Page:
While the WRRC is beginning with the basic Reclamation 101 workshops, Stahl says in the future the Center plans to offer more advanced courses.
Regarding the Laramie symposium, Stahl says it will be the first time reclamationists from all the different industries get together, including oil and gas, coal mining, coalbed methane development and trona mining. “We’re hoping to get everybody,” he says.
On the collegiate side of things, the WRRC offers an undergraduate minor in reclamation, as well as a certificate in reclamation and restoration ecology for graduate students.
“We’ve graduated many students with knowledge of reclamation and many of them are now working in Wyoming,” says Stahl. While most of the students are studying range ecology and watershed management, he says he’s got a variety of departments involved, including a few students with wildlife majors. Classes in the reclamation department include a general land reclamation course, as well as classes like rangeland restoration ecology, offered this spring.
“We also teach a course in the spring that’s a reclamation seminar, where we invite reclamation experts from industries in Wyoming and surrounding states to come and give seminars to the students about what they’re doing and the job opportunities,” adds Stahl.
Stahl says the Center recently gained more substantial funding, which has enabled it to become much more active with programs around the state. The WRRC was first funded by the Governor’s Office, with $2 million from the Abandoned Mine Lands Program money that was returned to Wyoming by the federal government.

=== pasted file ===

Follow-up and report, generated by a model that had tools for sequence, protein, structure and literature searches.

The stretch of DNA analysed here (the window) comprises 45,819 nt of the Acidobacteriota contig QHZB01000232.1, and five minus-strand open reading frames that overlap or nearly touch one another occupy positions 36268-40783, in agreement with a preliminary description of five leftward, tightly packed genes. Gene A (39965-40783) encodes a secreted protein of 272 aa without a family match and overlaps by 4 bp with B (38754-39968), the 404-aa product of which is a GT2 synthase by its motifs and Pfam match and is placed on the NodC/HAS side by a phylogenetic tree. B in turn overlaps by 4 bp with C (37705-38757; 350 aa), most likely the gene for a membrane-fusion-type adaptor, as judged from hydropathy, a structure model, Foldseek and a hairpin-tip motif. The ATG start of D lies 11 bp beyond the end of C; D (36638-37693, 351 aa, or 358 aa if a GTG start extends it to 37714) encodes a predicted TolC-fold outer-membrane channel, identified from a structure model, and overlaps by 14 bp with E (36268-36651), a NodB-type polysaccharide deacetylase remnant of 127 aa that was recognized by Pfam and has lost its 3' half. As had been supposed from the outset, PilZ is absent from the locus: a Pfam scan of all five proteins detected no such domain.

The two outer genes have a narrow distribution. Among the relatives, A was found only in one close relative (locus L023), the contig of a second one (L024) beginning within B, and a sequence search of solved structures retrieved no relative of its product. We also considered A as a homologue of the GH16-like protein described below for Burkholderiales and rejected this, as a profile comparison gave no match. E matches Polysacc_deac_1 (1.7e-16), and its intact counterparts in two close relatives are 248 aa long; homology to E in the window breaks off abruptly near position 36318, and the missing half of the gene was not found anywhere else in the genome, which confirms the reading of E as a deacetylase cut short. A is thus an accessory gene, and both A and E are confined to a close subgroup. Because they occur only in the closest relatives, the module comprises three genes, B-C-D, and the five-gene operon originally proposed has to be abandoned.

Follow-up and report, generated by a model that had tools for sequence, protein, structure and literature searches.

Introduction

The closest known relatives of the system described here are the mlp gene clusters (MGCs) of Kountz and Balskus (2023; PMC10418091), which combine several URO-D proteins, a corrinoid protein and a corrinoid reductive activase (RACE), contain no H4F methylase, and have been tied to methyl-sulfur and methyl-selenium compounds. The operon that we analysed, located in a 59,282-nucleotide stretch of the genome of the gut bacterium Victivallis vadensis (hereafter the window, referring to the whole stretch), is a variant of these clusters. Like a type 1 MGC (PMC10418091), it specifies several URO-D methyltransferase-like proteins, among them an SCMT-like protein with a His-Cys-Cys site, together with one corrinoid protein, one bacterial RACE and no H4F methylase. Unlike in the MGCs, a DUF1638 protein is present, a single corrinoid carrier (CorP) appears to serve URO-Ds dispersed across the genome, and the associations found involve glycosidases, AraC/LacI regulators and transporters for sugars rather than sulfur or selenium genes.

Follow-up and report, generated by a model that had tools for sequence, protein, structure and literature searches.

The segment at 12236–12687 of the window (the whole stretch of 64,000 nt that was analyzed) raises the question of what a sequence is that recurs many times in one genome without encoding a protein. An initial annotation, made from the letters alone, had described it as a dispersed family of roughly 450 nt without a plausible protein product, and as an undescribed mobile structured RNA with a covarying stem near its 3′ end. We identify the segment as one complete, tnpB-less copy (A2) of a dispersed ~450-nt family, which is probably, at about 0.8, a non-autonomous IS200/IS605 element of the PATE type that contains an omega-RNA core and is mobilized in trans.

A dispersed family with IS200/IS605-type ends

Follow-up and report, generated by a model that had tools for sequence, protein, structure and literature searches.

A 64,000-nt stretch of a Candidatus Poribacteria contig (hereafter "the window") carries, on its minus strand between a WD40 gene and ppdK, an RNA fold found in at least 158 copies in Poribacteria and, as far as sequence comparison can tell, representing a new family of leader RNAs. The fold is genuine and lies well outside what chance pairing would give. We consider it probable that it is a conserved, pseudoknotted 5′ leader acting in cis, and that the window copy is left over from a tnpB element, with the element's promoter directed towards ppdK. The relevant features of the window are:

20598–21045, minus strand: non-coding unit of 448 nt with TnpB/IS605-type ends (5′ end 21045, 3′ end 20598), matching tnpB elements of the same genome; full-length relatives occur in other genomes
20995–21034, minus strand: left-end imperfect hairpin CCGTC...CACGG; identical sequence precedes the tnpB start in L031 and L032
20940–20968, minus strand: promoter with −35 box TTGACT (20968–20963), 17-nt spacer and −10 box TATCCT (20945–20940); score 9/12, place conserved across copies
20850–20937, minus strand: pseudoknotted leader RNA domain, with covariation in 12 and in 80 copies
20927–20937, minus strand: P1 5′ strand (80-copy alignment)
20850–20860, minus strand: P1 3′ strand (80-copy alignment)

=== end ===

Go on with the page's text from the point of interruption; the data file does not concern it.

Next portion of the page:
“We’re trying to get an endowment based on funding from industry groups now, and we’re hoping to increase that part of our funding,” he adds.
This semester the WRRC has around 25 undergraduate students involved, as well as about 15 graduate students.
“We’re trying to spread information about reclamation and good techniques to people,” says Stahl of WRRC’s goal. “We have made great strides the past 20 to 30 years, but we still have to keep going. We’ve been building on a lot of work already done.”
Williams adds that UW has done reclamation research for decades, and is now taking the opportunity to organize the effort more completely and share what they’ve been doing.
“Wyoming is the number one producer of energy for the U.S., providing between 11 and 12 percent of energy used by the country,” says Williams. “We make substantial marks on the land, but our Department of Environmental Quality has been vigilant in surface mine reclamation, the BLM, Petroleum Association of Wyoming and the Wyoming Oil and Gas Conservation Commission have jointly assisted with identification of problems related to other areas of energy development. We can easily say we’re at the forefront of reclamation research, outreach and education. We have to be because we’re at the forefront of energy production.”